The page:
Guillaume Brahimi spent 12 years looking after the restaurant Bennelong at Sydney Opera House from 2001 and now runs three bistros around Australia, as well as being a partner in the Four in Hand, Paddington. The 49-year-old chatted to me about the best and worst parts of being a chef, the secret to having a top restaurant, and why he doesn’t want his daughter to follow in his footsteps.
What’s a day in the life of you?
I am up around 5.30, I normally go for a swim. I come home, take the kids to school. The school run – that’s my pleasure because I travel a lot, so if I’m not in Perth or Melbourne, when I’m in Sydney I do the kids run. After that I go straight to the restaurants to George Street to Bistro Guillaume … I give them help in the kitchen then do the lunch service. I try to go to the gym between lunch and dinner and after that I go back to the restaurant.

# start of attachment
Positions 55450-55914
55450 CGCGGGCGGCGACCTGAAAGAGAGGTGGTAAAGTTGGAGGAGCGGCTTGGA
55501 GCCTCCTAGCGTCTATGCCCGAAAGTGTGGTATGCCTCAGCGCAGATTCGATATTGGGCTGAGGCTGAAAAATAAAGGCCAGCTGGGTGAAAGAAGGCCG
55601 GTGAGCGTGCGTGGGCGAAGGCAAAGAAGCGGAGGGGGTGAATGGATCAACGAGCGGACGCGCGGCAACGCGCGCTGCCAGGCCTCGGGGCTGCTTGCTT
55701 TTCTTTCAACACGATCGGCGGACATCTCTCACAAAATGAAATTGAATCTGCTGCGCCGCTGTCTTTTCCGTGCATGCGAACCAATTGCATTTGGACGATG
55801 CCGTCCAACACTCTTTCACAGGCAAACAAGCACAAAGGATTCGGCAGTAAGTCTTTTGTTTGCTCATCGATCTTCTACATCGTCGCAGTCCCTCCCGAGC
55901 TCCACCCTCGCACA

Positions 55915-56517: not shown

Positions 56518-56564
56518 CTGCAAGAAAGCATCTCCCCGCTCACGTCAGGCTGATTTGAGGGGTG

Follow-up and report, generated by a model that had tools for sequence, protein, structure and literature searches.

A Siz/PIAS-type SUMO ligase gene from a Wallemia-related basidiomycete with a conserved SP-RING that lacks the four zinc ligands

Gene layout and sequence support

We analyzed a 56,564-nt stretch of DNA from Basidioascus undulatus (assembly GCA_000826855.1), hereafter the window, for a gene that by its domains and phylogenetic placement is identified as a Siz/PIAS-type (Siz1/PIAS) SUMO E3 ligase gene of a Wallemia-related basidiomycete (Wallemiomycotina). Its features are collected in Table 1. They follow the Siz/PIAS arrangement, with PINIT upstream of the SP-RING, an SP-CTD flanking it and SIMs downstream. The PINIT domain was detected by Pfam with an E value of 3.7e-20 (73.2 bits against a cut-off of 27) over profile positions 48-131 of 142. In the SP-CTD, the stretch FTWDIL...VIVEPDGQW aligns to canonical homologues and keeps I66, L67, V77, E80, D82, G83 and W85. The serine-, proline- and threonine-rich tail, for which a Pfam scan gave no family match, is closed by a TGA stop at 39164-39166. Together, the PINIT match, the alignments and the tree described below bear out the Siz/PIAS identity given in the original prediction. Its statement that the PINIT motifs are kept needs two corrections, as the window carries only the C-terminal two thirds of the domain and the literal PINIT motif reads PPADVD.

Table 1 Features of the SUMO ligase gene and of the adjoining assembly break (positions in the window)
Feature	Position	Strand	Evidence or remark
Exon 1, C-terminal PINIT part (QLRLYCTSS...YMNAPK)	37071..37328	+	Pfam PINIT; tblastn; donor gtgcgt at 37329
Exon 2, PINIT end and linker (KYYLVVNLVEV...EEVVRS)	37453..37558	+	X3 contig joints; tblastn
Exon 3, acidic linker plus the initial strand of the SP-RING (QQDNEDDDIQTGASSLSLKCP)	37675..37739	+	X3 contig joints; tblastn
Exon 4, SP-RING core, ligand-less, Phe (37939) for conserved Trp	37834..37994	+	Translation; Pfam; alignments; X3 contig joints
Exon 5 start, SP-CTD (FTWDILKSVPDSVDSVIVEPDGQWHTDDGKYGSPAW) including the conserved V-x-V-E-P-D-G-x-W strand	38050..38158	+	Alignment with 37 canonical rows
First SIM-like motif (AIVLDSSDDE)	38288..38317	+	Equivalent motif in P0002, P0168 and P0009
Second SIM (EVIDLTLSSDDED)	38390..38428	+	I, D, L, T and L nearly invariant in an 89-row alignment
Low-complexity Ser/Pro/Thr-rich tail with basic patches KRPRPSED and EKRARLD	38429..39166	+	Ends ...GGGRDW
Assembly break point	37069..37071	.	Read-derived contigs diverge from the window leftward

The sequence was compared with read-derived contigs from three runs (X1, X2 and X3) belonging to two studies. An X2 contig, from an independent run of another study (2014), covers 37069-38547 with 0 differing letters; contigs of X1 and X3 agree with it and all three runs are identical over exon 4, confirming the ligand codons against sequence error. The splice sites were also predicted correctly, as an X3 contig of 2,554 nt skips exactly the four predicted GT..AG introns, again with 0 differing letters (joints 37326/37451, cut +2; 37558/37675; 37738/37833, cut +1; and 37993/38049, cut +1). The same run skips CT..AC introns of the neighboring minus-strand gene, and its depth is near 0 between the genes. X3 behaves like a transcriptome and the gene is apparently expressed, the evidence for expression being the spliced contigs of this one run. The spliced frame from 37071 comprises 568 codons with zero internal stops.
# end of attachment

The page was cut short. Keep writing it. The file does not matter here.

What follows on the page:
You’re involved in Taste of Sydney. Tell me about the festival.
I think Taste of Sydney is a great way to showcase the trend of Sydney dining and, being in Centennial Park, it’s amazing … The idea is spending an evening or an afternoon with friends and being able to taste lots of different food … with a couple of glasses of wine.
What is Sydney food to you?